Love is what we are born with. Fear is what we learn. The spiritual journey is the unlearning of fear and prejudices and the acceptance of love back in our hearts. Love is the essential reality and our purpose on earth. To be consciously aware of it, to experience love in ourselves and others, is the meaning of life. Meaning does not lie in things. Meaning lies in us. — Marianne Williamson

Privilege has been described as “unearned rights, benefits, immunity and favours that are bestowed on individuals and groups solely on the basis of their race, culture, religion, gender, sexual orientation, physical ability or other key characteristic.”1 Another form of privilege is socioeconomic class and caste. In each type of privilege, the privileged group is considered the norm and others are considered to be different or outside of the norm. The culturally dominant group defines the rules and acceptable behaviors; others are expected to comply. Privilege is typically invisible to those who possess it. It can be thought of as “just the way things are” or “the way things should be.” Some people are part of several privileged groups, while others may be members of few or none.

Male privilege and related power are associated with unequal pay for equal work (with women’s pay less than men’s on average), higher rates of employment for men than women, more men in top leadership/decision-making positions than women, domestic and sexual violence targeted against women, and human rights violations targeting women—to name a few.

In the global north, Christianity is the dominant religion. As a result, Christians hold more political positions and control more legislative decisions, so they hold more power and privilege. White American males have historically been the dominant group in power, and the history of race relations in the U.S. has resulted in the distinctions of white and people of color. This is also true in countries in which Europeans established colonies where they continue to have a powerful and privileged presence, such as Australia and South Africa. Interestingly, though able to see and refer to the race of others, some white people are not comfortable with self-identifying or being identified as “white” and may deny having a “culture.”

Along with being the dominant group in a society, come power and privilege. White privilege has been defined by Adams, Bell and Griffin (2007) as:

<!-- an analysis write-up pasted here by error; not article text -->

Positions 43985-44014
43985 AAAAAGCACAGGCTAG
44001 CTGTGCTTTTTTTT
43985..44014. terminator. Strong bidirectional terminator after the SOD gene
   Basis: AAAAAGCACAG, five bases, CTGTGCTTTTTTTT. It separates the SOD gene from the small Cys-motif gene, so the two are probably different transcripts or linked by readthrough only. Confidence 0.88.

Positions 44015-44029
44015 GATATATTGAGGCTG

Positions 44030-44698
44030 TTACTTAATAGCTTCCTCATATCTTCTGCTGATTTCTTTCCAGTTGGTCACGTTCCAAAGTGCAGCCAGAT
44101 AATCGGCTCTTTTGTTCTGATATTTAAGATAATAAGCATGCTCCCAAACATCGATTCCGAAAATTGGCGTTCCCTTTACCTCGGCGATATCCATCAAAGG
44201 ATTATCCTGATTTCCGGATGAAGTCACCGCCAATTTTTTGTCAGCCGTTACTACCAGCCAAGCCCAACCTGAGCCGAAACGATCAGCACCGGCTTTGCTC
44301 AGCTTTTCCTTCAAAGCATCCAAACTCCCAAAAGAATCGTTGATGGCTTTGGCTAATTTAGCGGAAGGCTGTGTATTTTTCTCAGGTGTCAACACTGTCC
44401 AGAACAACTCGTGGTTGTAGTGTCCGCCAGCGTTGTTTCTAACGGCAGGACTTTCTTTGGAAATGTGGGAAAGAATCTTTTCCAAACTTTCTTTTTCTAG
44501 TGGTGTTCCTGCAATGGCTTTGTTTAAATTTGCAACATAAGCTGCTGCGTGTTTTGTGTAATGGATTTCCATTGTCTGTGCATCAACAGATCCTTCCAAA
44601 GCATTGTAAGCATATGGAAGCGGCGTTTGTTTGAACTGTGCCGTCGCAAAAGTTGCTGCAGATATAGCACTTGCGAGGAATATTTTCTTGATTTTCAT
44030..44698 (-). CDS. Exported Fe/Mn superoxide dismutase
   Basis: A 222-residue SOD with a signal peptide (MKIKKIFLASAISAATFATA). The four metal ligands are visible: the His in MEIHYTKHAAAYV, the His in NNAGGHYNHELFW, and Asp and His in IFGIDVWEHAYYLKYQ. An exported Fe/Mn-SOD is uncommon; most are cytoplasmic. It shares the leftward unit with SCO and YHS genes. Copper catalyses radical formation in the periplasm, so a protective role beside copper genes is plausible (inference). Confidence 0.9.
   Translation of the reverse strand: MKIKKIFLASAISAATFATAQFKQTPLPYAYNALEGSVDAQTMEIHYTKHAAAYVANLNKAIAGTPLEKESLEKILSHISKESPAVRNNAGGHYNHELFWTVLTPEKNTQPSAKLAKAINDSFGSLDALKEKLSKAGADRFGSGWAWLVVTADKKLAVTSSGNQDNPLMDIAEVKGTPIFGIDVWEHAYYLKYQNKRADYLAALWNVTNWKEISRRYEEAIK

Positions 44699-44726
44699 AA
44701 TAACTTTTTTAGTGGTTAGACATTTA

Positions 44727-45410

“The concrete benefits of access to resources and social rewards and the power to shape the norms and values of society those whites receive, unconsciously or consciously, by virtue of their skin color in a racist society.”

Peggy McIntosh, in her article “White Privilege: Unpacking the Invisible Knapsack,” says:

“I was taught to see racism only in individual acts of meanness, not in invisible systems conferring dominance on my group from birth…As a white person, I realized I had been taught about racism as something that puts others at a disadvantage, but had been taught not to see one of its corollary aspects, white privilege, which puts me at an advantage. …I have come to see white privilege as an invisible package of unearned assets that I can count on cashing in each day, but about which I was ‘meant’ to remain oblivious.”6

McIntosh describes a number of things associated with white privilege that she previously was not aware of and had taken for granted. Just a few of the 50 she describes are listed below:

If I should need to move, I can be pretty sure of renting or purchasing housing in an area which I can afford and in which I would want to live.

I can be pretty sure that my neighbors in such a location will be neutral or pleasant to me.

I can go shopping alone most of the time, pretty well assured that I will not be followed or harassed.

I can turn on the television or open to the front page of the paper and see people of my race widely represented.

Blogger Barry Deutch describes an internet acquaintance who says, “The first big privilege which whites, males, people in upper economic classes, the able bodied, the straight (I think one or two of those will cover most of us) can work to alleviate is the privilege to be oblivious to privilege.”7

How do we increase our awareness of privilege? Without dividing people, how do we bring conscious awareness to power and privilege as a way to build authentic relationships with people who are different?

1 McIntosh, P. (1988), “White privilege: Unpacking the invisible knapsack,” Independent Student, Winter 1990, volume 49, number 2.

2 Retrieved from:

Excerpt from Coaching for Transformation by Lasley, Kellogg, Michaels and Brown.

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